If we are entering a regulatory environment where the questions posed by these SAC analysts will be characterized as criminal behavior, then any active investment strategy based on the fundamental analysis of companies is finished. Dead. This is the mother of all chilling effects. Asking these questions is what fundamental analysts DO … all day, every day. They call and email and visit sell-side analysts a lot, management (usually someone in investor relations) occasionally, and each other rarely. This is how a buy-side analyst “knows his companies”. This is how a stock-picking investment strategy develops an “edge”. If coming into possession of a sell-side analyst’s opinion might land you in jail … if every investor must not only ask “is this opinion right?”, but also “is it legal for me to have this opinion?” … well, these conversations will stop happening. We will all read the same research reports at the same time, get on the same conference calls, attend the same publicly broadcast meetings. We will receive these opinions legally, which is to say publicly, and everyone will know exactly the same things at exactly the same time about public companies directly, as well as what everyone on the sell-side thinks about those public companies. No investor will “know his companies” any better than the next guy, which means there will be no edge to any stock-picking investment strategy. Which means that there is no alpha in these strategies. Sorry, but that’s a cold, hard fact.
Here’s the thing. This is exactly what politicians want from their regulatory efforts. They want a world of pure beta and zero alpha. This is the ultimate “level playing field”, where no one knows anything that everyone else doesn’t also know. The presumption within regulatory bodies today is that you must be cheating if you are generating alpha. How’s that? Alpha generation requires private information. Private information, however acquired, is defined as insider information. Insider information is cheating. Thus, alpha generation is cheating. QED.
Why would politicians want an alpha-free market? Because a “fair” market with a “level playing field” is an enormously popular Narrative for every US Attorney who wants to be Attorney General, every Attorney General who wants to be Governor, and every Governor who wants to be President … which is to say all US Attorneys and all Attorneys General and all Governors. Because criminalizing private information in public markets ensures a steady stream of rich criminals for show trials in the future. Because the political stability of the American regime depends on a widely dispersed, non-zero-sum price appreciation of all financial assets – beta – not the concentrated, zero-sum price appreciation of idiosyncratic securities. Because public confidence in the government’s control of public institutions like the market must be restored at all costs, even if that confidence is misplaced and even if the side-effects of that restoration are immense. Here’s a telling quote:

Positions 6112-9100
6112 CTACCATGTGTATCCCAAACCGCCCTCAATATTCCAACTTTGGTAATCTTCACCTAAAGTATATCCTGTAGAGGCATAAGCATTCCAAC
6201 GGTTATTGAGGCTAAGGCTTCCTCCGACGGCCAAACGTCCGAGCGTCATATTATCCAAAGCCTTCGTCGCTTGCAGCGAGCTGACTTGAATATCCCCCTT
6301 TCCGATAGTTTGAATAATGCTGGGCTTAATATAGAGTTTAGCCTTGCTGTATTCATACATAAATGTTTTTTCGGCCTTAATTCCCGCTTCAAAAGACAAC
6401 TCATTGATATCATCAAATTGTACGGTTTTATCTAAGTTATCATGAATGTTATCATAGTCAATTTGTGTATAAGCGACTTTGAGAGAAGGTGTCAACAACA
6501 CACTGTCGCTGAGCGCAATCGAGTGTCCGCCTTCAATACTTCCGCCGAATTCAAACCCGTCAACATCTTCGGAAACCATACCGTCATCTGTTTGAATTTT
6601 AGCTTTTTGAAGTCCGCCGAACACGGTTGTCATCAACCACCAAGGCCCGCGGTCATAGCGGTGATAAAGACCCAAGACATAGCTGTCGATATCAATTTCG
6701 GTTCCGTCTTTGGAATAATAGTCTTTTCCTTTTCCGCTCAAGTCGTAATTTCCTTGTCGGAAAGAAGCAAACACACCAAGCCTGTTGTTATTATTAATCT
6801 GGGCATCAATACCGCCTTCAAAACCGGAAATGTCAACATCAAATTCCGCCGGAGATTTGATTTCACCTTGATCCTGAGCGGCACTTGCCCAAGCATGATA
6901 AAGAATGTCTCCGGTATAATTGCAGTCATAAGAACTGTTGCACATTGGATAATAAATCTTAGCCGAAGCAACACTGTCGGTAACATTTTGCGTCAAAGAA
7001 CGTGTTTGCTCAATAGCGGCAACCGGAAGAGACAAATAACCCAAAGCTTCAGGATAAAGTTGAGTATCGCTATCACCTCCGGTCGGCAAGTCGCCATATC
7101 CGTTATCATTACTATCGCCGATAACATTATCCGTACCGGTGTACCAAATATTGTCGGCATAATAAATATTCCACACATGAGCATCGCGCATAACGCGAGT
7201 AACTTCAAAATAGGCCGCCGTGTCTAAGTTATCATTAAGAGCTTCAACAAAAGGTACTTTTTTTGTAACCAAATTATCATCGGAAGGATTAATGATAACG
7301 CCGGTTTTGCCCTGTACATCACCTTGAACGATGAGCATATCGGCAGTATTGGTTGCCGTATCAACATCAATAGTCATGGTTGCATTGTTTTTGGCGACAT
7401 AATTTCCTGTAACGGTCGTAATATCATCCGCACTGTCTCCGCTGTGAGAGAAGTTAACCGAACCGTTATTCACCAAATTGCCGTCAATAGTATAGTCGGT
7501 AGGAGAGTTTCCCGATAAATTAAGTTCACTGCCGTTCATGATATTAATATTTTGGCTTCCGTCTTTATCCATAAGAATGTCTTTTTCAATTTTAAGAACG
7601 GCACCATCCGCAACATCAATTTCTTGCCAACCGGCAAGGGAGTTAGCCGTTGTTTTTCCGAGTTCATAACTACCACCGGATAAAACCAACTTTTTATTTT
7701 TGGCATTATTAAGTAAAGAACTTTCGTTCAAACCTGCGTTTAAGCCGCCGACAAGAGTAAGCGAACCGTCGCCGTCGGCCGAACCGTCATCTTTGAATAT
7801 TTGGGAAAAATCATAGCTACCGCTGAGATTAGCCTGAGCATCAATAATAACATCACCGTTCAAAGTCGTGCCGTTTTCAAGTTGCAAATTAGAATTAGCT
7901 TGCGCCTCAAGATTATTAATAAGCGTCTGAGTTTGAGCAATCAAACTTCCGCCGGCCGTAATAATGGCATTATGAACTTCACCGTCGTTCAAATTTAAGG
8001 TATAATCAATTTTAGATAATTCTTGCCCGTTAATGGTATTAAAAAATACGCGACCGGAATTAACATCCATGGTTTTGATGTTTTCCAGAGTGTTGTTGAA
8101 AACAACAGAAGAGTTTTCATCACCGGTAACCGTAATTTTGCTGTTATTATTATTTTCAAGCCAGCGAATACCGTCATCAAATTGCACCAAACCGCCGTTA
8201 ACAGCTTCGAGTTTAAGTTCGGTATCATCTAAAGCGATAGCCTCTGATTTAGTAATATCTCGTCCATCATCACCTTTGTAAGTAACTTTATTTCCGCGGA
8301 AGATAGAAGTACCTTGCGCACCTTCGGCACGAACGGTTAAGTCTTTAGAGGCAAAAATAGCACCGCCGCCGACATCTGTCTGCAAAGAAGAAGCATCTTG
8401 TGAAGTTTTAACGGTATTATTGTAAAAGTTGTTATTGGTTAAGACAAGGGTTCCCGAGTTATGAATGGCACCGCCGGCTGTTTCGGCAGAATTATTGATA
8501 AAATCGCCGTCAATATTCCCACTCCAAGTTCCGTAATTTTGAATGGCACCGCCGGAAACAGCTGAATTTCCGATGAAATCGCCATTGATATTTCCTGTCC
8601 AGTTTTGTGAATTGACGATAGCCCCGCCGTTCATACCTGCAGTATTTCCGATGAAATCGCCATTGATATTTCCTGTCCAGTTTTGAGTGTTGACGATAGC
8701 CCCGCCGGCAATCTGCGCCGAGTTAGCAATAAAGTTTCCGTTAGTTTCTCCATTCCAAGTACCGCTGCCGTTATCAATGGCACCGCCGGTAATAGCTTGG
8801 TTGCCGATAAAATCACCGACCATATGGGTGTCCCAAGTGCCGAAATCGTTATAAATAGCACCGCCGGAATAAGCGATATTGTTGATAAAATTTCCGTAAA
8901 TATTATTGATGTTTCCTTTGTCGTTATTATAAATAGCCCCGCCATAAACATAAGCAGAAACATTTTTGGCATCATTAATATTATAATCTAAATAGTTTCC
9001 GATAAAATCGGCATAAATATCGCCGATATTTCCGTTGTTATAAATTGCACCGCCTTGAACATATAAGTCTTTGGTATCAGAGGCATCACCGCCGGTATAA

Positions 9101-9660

Insider trading tells everybody at precisely the wrong time that everything is rigged, and only people who have a billion dollars and have access to and are best friends with people who are on boards of directors of major companies – they’re the only ones who can make a true buck.
– Preet Bharara, U.S. Attorney for the Southern District of New York
What does that mean, that it’s “precisely the wrong time” for insider trading to exist? Why isn’t insider trading an equally bad thing anytime? It’s precisely the wrong time because the financial collapse of 2008 and the subsequent federal bail-out of everyone from AIG to GM to GE to Goldman Sachs revealed that the system IS rigged. Now I think that anyone with half a brain should thank God that the system is rigged, because the alternative was a good old-fashioned Götterdämmerung, but it’s pretty hard to deny that the events of 2008 – 2009 revealed the raw sinews of power that exist beneath our pleasing Narrative of democratic rule and a “level playing field”. Now the Narrative must be restored. We’ve seen the iron fist … time to put the velvet glove back on. There is no more important task for the American regime.
Fortunately for Bharara and unfortunately for active equity managers, there are tools available to regulators and prosecutors today that were not available in, say, the 1930’s to enforce an alpha-free market. These are the tools of Big Data and electronic surveillance, and as we have seen with recent revelations around the NSA and its collection and analysis of all US telecommunications, it is a powerful toolkit, indeed. On the Big Data side, in 2009 the SEC established an Office of Quantitative Research and an Office of Risk Assessment and Interactive Data within its Economic and Risk Analysis Division, and – for operational surveillance – an Office of Analytics and Research within its Trading and Markets Division. Just this July, the SEC announced a new Center for Risk and Quantitative Analysis, which will directly “provide guidance to the Enforcement Division’s leadership.” This is the SEC’s equivalent of the CIA. These Offices are extremely well funded, draw some really top-notch people from the private sector, and coordinate closely with the FBI. Today’s SEC may not quite be the functional equivalent of the NSA from a data gathering and pattern inference perspective, but it’s nothing to sneeze at, either. The NSA is a little bigger and faster, that’s all. On the traditional surveillance side, Bharara and his colleagues in the DOJ have been given amazing latitude by the courts to pursue widespread wire taps across a wide swath of the financial services industry.